She was a clever one. And she loved practical jokes.
They were probably separate Christmases, but they’re fused together in my mind.
We were still in the little house. I sat on the couch facing the bathroom door and the tree draped with single strands of tinsel, oil stove on my left, gray formica table on my right, across from the chartreuse cupboards.
She was sending me on another hunt that took me under cushions, into the medicine cabinet, behind the toaster until I opened the oven door. Disappointed, I sniffed that I did not want the turkey for Christmas. But stuffed inside was a large, rag-type dancing doll, with straps on her feet to attach to mine.
I remember squealing with delight when I ripped the paper off the hairdryer box. I wanted a hairdryer so bad. But inside, was a pair of orange and black stretch pants (our school colors.) Stretch pants were in then. I’d really hoped for black. These would do. But my eyes stung with disappointment.
When the gift-receiving was over, someone found a note on the tree.
“Dear Sandy. Look in the laundry tub.”
So outside I trudged, through the snow, into the motel utility room. And there, lying in the bottom of the tub was the hairdryer that belonged in the box.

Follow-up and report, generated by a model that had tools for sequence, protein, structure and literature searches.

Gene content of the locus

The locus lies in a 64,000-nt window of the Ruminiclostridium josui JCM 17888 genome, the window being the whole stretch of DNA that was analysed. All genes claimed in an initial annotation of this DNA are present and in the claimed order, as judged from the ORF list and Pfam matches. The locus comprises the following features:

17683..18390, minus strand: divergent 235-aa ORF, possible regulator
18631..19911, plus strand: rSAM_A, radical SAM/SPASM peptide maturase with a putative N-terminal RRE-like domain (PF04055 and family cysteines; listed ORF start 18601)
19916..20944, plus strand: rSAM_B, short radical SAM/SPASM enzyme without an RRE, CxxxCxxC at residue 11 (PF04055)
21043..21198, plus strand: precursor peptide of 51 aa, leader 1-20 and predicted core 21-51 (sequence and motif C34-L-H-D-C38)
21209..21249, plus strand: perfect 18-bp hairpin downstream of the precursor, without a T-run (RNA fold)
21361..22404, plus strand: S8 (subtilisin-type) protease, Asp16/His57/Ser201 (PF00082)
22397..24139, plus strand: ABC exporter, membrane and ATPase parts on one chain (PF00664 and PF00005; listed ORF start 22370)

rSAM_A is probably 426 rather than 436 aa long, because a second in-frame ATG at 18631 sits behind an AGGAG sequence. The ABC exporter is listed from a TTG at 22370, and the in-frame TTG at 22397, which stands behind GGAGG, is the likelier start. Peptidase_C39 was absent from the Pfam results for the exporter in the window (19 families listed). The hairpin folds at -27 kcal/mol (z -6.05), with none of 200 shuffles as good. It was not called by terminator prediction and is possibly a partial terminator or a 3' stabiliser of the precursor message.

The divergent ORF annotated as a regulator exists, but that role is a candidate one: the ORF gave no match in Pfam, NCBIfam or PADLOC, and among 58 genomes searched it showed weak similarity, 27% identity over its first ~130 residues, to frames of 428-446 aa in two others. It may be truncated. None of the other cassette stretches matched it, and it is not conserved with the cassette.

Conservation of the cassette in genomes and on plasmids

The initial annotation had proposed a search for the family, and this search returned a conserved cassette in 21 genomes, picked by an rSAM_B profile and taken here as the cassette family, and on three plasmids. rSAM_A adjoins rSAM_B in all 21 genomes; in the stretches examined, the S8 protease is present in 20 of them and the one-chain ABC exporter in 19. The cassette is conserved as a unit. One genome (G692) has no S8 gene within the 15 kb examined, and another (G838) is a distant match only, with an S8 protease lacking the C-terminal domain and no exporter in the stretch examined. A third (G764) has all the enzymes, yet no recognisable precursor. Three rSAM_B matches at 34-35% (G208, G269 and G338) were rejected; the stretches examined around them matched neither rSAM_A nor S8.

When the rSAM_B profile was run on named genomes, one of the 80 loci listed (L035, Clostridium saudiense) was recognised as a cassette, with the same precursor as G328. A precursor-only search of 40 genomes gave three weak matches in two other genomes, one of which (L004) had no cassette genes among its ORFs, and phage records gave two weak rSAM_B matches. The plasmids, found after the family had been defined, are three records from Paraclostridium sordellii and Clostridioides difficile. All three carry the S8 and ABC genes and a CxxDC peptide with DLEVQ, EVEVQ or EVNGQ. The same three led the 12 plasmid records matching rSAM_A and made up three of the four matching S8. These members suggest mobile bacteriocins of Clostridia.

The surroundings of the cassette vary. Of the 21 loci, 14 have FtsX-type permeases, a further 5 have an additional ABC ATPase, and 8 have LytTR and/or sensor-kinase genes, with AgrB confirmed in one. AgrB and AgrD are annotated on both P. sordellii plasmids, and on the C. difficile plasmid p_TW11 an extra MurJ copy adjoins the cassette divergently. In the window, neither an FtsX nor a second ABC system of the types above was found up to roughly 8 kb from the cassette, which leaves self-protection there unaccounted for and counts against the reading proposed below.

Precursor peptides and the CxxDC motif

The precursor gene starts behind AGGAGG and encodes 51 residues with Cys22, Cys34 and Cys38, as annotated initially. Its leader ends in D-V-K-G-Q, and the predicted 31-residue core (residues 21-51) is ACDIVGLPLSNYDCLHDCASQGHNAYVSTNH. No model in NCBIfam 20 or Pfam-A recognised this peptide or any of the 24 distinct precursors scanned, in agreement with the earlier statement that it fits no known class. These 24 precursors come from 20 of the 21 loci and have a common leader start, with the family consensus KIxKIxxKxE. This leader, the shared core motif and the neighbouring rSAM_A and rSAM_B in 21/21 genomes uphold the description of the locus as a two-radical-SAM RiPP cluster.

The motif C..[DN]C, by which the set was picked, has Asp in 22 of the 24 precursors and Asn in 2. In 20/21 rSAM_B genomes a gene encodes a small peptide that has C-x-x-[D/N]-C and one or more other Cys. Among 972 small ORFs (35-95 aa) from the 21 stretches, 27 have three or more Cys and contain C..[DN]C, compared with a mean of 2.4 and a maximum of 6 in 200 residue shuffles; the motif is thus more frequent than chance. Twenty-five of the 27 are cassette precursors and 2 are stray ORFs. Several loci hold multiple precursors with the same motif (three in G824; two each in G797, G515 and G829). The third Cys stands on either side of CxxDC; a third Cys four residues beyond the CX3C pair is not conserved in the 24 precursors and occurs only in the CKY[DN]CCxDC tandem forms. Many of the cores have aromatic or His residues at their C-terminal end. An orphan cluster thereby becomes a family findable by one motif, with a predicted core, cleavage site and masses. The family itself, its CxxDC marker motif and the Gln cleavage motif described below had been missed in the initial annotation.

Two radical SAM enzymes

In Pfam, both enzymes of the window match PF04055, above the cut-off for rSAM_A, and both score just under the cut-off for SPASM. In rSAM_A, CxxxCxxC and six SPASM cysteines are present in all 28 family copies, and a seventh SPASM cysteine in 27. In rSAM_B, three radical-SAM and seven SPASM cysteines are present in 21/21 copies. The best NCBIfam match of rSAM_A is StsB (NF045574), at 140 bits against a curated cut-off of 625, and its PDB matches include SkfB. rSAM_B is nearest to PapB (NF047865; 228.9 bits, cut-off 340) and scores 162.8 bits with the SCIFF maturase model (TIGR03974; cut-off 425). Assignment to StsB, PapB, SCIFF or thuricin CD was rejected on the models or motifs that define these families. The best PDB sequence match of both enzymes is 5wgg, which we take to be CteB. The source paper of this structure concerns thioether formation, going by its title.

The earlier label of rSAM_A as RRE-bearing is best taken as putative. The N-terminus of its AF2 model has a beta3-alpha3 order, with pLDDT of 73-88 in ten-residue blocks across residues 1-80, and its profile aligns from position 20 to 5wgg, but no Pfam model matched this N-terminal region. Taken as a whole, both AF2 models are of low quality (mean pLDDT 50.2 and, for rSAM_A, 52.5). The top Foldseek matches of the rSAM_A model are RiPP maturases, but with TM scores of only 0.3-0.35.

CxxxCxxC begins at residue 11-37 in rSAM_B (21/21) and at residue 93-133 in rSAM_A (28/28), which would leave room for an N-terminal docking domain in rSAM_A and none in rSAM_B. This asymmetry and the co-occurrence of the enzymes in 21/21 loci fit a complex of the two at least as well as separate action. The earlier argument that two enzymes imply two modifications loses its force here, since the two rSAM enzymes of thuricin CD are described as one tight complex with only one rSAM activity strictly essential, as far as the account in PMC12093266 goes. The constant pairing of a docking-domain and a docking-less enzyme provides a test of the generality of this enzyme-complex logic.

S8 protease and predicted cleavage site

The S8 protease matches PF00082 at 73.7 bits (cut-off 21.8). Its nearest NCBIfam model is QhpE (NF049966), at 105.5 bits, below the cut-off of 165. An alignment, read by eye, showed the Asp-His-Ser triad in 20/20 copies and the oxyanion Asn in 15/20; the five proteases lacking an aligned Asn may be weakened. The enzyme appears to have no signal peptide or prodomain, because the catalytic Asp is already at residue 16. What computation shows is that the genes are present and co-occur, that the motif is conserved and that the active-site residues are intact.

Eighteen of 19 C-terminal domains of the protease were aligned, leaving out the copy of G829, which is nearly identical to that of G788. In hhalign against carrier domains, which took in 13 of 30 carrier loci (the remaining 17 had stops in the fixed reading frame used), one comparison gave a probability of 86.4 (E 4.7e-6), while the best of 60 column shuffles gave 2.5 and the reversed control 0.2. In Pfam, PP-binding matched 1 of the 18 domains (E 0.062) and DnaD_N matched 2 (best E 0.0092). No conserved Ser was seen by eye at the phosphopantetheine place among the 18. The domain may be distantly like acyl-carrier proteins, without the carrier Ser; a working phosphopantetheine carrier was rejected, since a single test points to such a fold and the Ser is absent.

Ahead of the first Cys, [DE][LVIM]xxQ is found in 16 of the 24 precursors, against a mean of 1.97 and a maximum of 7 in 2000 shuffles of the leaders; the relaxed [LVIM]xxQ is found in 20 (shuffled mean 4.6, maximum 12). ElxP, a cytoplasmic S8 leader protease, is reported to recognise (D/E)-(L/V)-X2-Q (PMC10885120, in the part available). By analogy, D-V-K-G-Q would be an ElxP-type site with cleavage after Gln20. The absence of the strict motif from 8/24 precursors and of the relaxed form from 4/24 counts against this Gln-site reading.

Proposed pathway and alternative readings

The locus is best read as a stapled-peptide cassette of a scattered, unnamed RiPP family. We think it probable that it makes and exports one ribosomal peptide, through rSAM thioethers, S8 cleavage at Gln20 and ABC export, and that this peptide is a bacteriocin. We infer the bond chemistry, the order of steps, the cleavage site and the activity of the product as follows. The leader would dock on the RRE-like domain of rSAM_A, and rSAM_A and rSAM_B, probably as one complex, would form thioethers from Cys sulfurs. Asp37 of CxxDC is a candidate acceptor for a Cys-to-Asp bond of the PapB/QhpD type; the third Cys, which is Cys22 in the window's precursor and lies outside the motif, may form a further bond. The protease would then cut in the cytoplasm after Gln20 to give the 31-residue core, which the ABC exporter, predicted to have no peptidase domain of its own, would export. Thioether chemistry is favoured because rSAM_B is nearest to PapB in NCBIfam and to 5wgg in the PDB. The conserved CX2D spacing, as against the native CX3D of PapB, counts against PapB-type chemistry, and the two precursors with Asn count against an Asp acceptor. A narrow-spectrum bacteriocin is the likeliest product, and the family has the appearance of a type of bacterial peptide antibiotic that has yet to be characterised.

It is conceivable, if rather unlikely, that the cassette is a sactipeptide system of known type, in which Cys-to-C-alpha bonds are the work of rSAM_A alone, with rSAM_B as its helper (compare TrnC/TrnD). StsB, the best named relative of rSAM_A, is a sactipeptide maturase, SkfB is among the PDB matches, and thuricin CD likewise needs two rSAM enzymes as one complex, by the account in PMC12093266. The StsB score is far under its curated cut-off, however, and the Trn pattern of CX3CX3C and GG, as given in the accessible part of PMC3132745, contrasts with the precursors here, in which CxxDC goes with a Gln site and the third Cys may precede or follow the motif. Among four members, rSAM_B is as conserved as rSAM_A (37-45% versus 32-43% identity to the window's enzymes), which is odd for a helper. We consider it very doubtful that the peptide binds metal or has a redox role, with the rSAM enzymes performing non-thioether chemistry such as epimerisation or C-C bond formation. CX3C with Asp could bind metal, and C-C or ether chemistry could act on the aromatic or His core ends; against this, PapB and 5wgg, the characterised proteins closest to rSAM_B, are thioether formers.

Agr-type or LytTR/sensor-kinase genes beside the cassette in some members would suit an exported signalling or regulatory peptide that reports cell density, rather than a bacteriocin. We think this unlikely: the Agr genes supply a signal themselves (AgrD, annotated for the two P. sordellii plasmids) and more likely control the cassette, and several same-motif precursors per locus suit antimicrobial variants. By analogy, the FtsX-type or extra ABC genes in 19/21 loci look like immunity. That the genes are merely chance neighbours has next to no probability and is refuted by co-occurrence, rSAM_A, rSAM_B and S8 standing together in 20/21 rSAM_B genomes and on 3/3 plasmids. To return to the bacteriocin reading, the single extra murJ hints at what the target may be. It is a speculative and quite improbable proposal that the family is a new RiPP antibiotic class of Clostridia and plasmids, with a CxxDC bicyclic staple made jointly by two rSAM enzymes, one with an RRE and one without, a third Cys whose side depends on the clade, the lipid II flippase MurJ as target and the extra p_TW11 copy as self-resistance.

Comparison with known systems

I still remember my mom’s words.
“Never judge the inside by the outside of the box.”
That along with “this, too, shall pass” are two pieces of wisdom she passed on, two pieces of her I carry, two pieces of wisdom I hope will live on in my children and grandchildren.
My mom was witty and wise right up to her last days. I wrote about a couple special instances while we were encamped with her in the hospice house. Here are the links in case you haven’t seen them.
Stilled by the memories,
In community with Lisa Jo and company on the prompt:
In just five minutes, tell me all about what your mama did that made her yours.